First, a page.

Objective: Central nervous system (CNS) involvement in primary Sjögren's syndrome (pSS) is controversial with regard to frequency, significance, and etiology.
Methods: We describe a young woman with pSS and severe CNS disease and review the literature on the pathophysiology, clinical significance, symptoms, diagnostic examinations, and treatment of CNS disease with concomitant pSS (CNS-SS).
Results: Our patient with pSS had a 5-month history of benign lymphadenopathy and myositis, after which she developed severe CNS disease, vasculitic lesions on her hands, and a neurogenic bladder attributable to spinal cord involvement. The diagnosis was based on the clinical picture and the results of a brain magnetic resonance imaging (MRI) scan, electroencephalography (EEG), and cerebrospinal fluid (CSF) analysis. The disease did not respond to corticosteroids, but the administration of cyclophosphamide resulted in recovery. In the literature, the incidence of CNS-SS varies widely, from rare to incidence rates of 20% to 25%. The clinical picture is diverse, ranging from mild cognitive symptoms to fatal cerebrovascular accidents. The pathophysiology of CNS-SS is unclear, specific diagnostic methods are not available, and diagnosis is based on the clinical picture and a combination of examinations. MRI is the most sensitive test and cerebral angiography the most specific. CSF reflects involvement of the leptomeninges, and EEG is nonspecific. There are no controlled studies of the treatment of CNS-SS. Regimens for vasculitis are commonly used.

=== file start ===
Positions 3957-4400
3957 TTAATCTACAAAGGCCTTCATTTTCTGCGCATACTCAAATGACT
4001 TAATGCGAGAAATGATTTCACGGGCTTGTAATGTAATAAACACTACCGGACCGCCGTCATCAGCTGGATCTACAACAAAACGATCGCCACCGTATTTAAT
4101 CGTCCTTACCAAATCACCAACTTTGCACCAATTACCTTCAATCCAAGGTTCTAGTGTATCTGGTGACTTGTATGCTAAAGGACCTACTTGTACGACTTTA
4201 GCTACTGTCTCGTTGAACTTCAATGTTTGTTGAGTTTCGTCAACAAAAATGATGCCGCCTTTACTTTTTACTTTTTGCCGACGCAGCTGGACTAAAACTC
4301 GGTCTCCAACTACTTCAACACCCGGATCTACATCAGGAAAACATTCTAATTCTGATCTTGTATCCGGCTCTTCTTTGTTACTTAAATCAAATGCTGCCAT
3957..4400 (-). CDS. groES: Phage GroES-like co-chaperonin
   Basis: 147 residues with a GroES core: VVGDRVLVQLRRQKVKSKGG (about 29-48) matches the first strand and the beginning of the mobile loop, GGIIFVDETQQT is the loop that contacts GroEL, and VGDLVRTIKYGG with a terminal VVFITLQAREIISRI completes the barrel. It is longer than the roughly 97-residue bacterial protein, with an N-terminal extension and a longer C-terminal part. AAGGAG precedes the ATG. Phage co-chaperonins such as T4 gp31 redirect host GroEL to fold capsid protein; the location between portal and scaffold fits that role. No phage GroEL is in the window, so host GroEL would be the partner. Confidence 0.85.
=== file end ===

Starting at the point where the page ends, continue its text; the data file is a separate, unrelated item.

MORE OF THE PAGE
Conclusions: CNS-SS is uncommonly recognized and difficult to diagnose. Increasingly accurate and available diagnostic examinations will yield more information about the association of CNS disease with pSS.